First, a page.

weeknote 10

Listening to Peterlicht and sipping a glass of grüner veltliner on my last Sunday in Venice. I smell like sunblock even after a shower. It’s my last Sunday in Venice after being here for six weeks. It’s been anomalous and unusual, but good. I’ve missed Princeton and will look forward to the start of springtime there, to immersing into my dissertation proposal and chapter.

There’s South by Southwest. I need to write about that separately, especially about the panel I moderated: “Maps, Books, Spimes, Paper: Post-Digital Media Design.” This was the 13th year I’ve attended SXSW, the 12th I’ve spent on the advisory board. It was huge and messy and very inspiring. I didn’t know that it would offer that to me this time around, but it did. More on that soon.

I finally succeeded at updating, redesigning and moving Girlwonder to WordPress from Movable Type. I’ve had the Girlwonder domain since 1997 and websites of my own since 1995), but I vacillate between a personal site and a site that I create about my work, my interests and my professional presence. Over the last 6 years, I’ve had several sites– the latest of which is Active Social Plastic— that I used for writing on architecture, urbanism, social networks, literature. The inspiration for Active Social Plastic came from how Enrique uses Aggregat 456, his outstanding blog, for essays. I wanted to experiment with keeping separate the personal content. It turned out that I updated both sites less frequently. But also, it seems that the right mode for me is a hybrid, a blending of personal and academic/professional. Moreover, people readily know Girlwonder. So: I’ve blended the two sites. I’ve redesigned, though not quite as much as I’d like — the color palette needs work. After 8 years on the platform, I’ve left Movable Type for WordPress because it’s easier for me to redesign and manage. I also have an About page for the first time in a long time and will include more professional information there as well — articles, CV and such.

My writing continues on my dissertation proposal. When I go back to Princeton on Tuesday, I will be focusing very heavily on it, with the hope of presenting it in the first half of April. There’s not much to say till I finish it.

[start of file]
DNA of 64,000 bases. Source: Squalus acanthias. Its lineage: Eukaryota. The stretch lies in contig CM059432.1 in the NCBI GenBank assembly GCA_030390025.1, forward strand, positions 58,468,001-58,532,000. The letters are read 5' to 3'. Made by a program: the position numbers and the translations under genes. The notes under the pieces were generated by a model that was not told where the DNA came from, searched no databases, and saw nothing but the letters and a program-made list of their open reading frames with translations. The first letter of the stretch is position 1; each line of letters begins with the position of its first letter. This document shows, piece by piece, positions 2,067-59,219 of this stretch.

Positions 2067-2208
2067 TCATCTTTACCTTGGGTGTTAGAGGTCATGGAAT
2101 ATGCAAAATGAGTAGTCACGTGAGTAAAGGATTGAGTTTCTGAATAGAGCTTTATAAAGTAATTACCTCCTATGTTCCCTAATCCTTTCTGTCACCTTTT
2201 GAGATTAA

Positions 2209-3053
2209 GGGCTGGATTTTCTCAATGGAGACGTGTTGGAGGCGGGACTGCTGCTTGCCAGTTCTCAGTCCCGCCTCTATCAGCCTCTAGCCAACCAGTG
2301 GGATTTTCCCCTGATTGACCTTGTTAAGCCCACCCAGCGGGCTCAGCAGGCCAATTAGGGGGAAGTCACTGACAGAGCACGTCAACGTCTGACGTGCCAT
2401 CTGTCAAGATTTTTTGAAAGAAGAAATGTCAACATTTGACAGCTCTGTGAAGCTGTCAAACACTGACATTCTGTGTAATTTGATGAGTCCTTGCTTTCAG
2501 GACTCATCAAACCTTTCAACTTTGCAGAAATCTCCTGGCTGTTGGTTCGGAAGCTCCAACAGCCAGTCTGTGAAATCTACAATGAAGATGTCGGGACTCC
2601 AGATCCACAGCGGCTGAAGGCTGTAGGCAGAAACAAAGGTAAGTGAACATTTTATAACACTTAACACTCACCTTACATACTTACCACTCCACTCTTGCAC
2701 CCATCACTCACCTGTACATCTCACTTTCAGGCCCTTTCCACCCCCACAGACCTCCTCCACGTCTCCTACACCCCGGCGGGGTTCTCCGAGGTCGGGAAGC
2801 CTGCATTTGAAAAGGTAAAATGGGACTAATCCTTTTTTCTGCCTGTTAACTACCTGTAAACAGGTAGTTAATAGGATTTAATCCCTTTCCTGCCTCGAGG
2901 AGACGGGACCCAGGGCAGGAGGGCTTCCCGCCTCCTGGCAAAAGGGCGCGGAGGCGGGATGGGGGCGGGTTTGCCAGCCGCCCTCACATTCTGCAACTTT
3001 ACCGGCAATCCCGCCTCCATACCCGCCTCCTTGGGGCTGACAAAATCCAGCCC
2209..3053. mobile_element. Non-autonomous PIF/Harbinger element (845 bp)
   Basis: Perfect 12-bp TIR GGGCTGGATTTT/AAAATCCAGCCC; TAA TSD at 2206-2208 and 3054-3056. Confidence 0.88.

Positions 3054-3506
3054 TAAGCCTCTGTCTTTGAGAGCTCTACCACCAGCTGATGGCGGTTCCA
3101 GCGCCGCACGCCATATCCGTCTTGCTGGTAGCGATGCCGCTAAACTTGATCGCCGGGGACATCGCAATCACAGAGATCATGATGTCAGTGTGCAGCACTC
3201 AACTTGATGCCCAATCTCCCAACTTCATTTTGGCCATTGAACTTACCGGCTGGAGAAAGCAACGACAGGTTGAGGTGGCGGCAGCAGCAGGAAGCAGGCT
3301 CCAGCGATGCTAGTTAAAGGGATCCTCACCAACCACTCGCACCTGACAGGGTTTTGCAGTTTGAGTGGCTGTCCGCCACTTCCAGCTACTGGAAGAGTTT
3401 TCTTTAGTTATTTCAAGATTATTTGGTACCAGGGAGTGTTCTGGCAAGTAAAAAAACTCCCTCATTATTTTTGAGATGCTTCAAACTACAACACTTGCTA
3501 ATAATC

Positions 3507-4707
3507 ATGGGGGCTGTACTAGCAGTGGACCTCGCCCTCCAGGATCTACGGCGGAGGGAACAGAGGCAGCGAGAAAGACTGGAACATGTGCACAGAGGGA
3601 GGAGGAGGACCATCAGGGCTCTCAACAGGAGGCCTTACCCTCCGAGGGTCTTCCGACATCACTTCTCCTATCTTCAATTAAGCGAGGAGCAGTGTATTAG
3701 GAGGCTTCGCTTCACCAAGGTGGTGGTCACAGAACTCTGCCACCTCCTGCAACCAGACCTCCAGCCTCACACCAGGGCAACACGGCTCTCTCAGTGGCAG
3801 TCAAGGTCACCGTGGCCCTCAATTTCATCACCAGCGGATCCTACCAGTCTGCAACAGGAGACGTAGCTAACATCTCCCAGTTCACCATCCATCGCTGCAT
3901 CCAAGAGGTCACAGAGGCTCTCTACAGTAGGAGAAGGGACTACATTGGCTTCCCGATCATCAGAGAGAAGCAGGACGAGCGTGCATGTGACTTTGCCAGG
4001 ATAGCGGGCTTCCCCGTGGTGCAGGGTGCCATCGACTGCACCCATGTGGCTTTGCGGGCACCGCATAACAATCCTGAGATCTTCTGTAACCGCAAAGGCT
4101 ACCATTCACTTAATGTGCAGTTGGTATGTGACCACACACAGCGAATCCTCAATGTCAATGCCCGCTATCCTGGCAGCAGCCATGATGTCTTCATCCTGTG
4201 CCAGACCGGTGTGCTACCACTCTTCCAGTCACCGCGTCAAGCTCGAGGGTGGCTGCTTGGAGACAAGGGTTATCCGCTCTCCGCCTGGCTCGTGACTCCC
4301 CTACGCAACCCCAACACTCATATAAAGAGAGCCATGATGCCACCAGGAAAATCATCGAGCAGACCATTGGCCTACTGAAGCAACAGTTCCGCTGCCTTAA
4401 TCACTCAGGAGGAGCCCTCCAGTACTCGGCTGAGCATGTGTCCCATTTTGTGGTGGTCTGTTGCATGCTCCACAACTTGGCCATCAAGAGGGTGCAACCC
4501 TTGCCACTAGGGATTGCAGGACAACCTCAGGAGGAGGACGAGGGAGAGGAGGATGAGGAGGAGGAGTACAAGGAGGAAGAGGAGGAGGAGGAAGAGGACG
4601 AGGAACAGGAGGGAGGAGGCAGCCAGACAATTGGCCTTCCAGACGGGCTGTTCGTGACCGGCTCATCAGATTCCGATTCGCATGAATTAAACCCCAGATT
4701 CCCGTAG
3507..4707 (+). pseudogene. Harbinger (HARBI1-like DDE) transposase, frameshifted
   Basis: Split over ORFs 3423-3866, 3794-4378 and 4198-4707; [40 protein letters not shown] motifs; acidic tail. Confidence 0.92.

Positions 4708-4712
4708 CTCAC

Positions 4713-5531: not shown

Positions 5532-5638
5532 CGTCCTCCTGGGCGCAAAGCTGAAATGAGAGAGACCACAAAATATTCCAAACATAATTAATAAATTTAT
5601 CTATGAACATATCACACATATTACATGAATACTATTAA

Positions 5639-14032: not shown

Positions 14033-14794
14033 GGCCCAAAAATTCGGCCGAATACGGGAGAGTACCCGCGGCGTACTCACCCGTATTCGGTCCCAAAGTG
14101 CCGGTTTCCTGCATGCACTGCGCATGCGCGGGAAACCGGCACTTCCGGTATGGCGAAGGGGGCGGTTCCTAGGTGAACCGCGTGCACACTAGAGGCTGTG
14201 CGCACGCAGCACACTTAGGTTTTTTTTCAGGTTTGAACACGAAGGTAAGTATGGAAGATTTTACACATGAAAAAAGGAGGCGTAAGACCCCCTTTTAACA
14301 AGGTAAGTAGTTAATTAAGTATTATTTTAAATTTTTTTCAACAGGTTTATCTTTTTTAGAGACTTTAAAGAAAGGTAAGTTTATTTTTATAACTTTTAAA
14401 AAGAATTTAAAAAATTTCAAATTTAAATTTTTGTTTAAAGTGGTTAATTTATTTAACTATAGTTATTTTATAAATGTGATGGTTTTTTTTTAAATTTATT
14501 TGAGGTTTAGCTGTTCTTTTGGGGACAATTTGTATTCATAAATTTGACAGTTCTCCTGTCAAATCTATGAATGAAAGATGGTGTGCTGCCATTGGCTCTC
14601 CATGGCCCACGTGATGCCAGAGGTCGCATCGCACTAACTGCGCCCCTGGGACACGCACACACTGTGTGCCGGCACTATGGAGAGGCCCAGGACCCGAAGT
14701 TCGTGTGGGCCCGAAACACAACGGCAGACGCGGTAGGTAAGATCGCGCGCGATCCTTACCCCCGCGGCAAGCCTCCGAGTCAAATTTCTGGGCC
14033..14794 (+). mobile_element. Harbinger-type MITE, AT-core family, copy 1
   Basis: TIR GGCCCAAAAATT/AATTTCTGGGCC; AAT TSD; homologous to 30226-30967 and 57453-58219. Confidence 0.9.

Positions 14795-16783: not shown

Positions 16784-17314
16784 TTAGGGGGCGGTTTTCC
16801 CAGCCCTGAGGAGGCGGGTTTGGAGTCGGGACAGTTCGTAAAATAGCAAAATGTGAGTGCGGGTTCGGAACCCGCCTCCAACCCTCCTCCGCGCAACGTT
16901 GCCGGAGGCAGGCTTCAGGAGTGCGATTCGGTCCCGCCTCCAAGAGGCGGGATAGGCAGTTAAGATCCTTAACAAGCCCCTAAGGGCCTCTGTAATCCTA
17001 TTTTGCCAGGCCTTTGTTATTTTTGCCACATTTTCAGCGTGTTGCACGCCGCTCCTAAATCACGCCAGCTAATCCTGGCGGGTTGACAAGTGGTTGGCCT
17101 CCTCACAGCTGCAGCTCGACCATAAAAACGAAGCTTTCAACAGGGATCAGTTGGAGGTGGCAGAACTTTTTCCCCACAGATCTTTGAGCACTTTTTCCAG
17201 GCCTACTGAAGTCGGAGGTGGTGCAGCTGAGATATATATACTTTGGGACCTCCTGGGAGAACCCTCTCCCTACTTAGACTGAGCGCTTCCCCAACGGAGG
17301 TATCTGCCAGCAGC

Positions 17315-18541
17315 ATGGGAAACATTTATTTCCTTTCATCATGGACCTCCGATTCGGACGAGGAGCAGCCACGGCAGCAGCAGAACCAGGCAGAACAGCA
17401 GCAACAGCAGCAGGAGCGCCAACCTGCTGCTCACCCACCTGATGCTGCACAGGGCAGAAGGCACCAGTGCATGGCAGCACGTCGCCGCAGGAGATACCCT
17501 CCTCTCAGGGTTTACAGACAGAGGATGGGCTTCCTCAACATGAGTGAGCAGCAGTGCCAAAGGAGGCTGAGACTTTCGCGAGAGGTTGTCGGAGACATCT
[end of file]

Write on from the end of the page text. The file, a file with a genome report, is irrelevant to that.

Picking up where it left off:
I wrote a remix piece titled “Today We Operate on Objects” for #lgnlgn that derived a set of rules on objects out of “The Great Gizmo” by Reyner Banham and “But Today We Collect Ads” by Allison and Peter Smithson. Rather than writing an essay, I wanted to create a set of operations from the two pieces that could be applied to objects. My overall body of work keeps coming back to how we interact with objects, whether 19th century interfaces to the postal service, or history of social networks, or digital systems, or holistic systems.

LA has been good in terms of art. We saw the Learning from Las Vegas exhibition at MoCA — a subject I devoted time to my first semester at Princeton in the Learning from Levittown seminar (the lost studio). We’ve been to the Rachel Whiteread drawings exhibition at the Hammer — lovely to see her working process in action. I saw her drawings as layers that build up to a final, cast and sculptural work.

It’s also been good in terms of architecture. We saw the London Eight panel and opening at Sci-Arc, with Peter Cook, CJ Lim, marcosandmarjan, Pascal Bronner and several other architects associated with the Bartlett. I loved their work: drawing as architecture in its own right is a subject dear to my heart, but found the panel discussion annoying. There were entirely too many people on stage, and the moderation dulled down what might have been much more interesting. A few days later, I returned to Sci-Arc to see my friend Michael Kubo speak about architectural publishing practices. The following night, I joined Alissa Walker at the Unplanned exhibition at Superfront LA and 2D3D: Fast, Cheap and Out of Control, a show on architectural drawings at the Woodbury University’s Hollywood Gallery. I liked the work at Unplanned (kudos to my dear friend and former classmate McClain Clutter for his work), but it could have been as easily perused online or in a book (much of it, at least). Interesting that LA has two shows right now on architectural drawing.